• If you have not done so already, contact your Insurance company and notify your claim as soon as possible. During a flood situation, you are likely going to experience delays in getting by on the phone and it may take several weeks for a claims inspector or Loss Adjuster to attend due to high claims volumes.
  • If you do not have insurance cover, you should make contact with your local council for advice on assistance that may be obtainable.
  • Do not initially attempt any major cleaning works and do not throw out any of your damaged belongings as these will need to be inspected when assessing your claim.
  • Stay away from wet electrics and do not attempt to fix any structural damage yourself as this will need to be properly assessed.

Assistance of specialist restoration companies will typically be provided by your Insurer and they will deal with everything from cleaning, strip out of damaged fixtures and fittings, sanitising, drying (which can take several months) and if you have contents cover, they will also fully estimate the damage to these, restore what possible and for anything that cannot be restored, they will list these on an inventory for you and dispose safely – this inventory will then assist you with preparing your claim.

Buildings and contents cover will meet the costs of different accommodation during the period when the character is not habitable for living purposes so you should liaise with your Insurer / Loss Adjuster as soon as possible to discuss possible options. This might include:

  • Staying in a hotel on an emergency basis
  • Staying with friends / family (you should request a financial allowance for this)
  • Obtaining a short term rental character

A flood claim will generally go along the following lines:

  1. Notification of claim to Insurers
  2. Visit by Insurers appointed Loss Adjuster who will estimate the damage and discuss different accommodation etc with you
  3. If no issues with your policy cover, it is reasonable for you to request an emergency interim payment to help you buy emergency items – this payment can be offset at a later stage from any agreed settlement. Any different accommodation requirements will be assessed early on.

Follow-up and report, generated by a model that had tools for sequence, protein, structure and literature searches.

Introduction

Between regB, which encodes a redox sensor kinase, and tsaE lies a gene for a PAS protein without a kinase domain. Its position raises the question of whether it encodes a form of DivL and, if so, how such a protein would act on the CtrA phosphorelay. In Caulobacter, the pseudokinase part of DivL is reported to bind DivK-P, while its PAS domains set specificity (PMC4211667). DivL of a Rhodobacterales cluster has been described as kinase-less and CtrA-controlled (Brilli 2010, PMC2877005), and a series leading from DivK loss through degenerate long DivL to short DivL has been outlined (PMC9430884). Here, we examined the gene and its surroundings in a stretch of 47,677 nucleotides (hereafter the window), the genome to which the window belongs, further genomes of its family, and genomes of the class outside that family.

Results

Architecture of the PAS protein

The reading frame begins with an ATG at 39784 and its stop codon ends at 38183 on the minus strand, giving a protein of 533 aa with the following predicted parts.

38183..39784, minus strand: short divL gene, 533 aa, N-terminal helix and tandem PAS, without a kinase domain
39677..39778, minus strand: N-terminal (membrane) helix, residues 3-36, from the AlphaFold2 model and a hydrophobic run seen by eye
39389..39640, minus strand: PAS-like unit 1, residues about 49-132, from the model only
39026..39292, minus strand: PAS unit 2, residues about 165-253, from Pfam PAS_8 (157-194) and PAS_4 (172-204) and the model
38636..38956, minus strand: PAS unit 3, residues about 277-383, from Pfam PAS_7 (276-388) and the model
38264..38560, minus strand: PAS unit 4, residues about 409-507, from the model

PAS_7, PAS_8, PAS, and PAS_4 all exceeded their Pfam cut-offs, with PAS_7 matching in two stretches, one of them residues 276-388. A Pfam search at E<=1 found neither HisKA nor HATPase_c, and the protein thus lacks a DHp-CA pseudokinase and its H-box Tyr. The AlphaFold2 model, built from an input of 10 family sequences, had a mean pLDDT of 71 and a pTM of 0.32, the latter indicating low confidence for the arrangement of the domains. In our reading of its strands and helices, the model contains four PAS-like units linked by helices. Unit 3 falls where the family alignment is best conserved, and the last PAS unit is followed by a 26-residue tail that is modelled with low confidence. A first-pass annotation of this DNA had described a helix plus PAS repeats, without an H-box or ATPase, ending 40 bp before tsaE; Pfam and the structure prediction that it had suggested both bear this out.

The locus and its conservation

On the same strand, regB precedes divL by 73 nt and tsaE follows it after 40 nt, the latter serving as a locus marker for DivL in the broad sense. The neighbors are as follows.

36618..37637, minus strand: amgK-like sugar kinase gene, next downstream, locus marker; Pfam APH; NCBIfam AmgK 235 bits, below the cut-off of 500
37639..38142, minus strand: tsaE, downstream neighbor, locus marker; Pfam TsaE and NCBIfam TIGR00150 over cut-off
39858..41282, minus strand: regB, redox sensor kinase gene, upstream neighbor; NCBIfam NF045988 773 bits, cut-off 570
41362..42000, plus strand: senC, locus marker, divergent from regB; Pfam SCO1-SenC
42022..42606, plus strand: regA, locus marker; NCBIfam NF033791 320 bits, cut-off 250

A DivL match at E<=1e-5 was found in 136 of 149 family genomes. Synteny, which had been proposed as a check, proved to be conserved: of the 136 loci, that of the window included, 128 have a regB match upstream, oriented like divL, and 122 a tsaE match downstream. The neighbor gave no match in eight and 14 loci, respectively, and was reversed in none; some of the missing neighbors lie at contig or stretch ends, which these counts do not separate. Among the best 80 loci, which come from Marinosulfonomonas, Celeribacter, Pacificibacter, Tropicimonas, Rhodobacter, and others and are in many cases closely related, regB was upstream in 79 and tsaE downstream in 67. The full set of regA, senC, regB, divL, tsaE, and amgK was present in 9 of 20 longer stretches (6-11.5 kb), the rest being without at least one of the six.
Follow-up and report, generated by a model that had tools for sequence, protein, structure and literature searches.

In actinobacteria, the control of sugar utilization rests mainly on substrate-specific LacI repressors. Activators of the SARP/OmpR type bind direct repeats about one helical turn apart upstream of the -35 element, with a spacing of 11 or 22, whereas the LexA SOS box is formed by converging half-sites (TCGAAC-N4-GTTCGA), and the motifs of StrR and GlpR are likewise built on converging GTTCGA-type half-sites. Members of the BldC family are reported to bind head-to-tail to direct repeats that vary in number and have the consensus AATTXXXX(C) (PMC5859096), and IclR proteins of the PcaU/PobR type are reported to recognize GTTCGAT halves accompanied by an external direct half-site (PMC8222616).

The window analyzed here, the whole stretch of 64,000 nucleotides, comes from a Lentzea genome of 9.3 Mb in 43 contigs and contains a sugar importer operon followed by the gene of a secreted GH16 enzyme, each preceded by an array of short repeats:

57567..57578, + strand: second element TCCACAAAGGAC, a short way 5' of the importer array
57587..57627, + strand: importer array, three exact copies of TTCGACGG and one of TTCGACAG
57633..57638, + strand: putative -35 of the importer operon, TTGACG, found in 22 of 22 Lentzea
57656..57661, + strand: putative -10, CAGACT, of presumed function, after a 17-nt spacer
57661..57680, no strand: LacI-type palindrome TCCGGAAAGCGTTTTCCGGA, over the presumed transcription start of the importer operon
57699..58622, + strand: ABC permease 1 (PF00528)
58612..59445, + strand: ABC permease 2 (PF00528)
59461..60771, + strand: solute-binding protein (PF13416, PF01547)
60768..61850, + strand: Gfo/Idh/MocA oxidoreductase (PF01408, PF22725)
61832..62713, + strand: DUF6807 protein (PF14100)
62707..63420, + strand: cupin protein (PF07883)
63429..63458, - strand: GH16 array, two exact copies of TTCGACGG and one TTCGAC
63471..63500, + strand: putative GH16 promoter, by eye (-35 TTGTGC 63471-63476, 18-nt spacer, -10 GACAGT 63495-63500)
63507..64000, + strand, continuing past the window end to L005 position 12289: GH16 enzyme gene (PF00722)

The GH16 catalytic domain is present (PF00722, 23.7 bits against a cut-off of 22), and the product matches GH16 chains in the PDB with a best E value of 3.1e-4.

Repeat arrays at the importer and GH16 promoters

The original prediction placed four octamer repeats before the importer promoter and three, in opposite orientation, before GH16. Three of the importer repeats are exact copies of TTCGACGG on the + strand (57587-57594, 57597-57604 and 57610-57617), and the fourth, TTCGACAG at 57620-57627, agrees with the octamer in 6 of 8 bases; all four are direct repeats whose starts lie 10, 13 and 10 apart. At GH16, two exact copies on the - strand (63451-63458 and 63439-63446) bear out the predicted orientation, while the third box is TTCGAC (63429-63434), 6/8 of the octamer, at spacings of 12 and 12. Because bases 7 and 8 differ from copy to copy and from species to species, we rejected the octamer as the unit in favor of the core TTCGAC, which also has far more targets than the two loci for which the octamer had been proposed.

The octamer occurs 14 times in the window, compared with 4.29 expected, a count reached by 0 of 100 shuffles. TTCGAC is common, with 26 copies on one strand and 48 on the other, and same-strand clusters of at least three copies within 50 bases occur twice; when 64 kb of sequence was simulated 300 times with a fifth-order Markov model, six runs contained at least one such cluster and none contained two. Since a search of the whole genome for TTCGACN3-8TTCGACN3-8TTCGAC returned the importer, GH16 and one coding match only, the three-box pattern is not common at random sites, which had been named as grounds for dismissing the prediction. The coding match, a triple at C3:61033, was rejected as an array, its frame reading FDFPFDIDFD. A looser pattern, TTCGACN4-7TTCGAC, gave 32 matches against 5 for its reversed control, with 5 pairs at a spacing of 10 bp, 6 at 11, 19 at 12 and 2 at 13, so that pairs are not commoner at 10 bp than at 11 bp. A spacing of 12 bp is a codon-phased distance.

4. Appointment of specialist restoration company to deal with cleaning, drying (buildings cover) and assessment and disposal of contents (contents cover)
  5. If the character was badly saturated, it may take several months to dry – a restoration company will then provide a drying certificate
  6. Prior to completion of drying, your repair estimates will be reviewed and authorised if in order or if you opt to use an Insurer approved Contractor, this will be authorised. If your claim is large in value (approx £20,000 or more), it is likely that a Surveyor will be involved in the time of action of obtaining tenders and overseeing repairs – these costs will be met by your Insurer.
  7. f you have contents cover, you will need to provide a complete detailed list of items that damaged beyond repair; for larger value items (say over £300), you are likely going to have to provide original receipts / substitute estimates where possible
  8. When the character has been restored, your different accommodation will cease and you can move back home

During your insurance claim, you should keep a record of all activities including dates and times and if in any doubt at any stage, check with your Insurer / Loss Adjuster and do not proceed with anything until you are satisfied that they are going to pay for it.

Disputes can commonly arise with flood claims – these can be due to disputes over costs / values, policy cover understanding or you may experience unacceptable levels of service, especially during high claim quantity situations. If you want your claim to go as smoothly as possible, you need to understand what your policy covers, how to deal with shared disputes effectively and how to submit an effective complaint in the event that you are unfortunate enough to experience problems.

Leave a Reply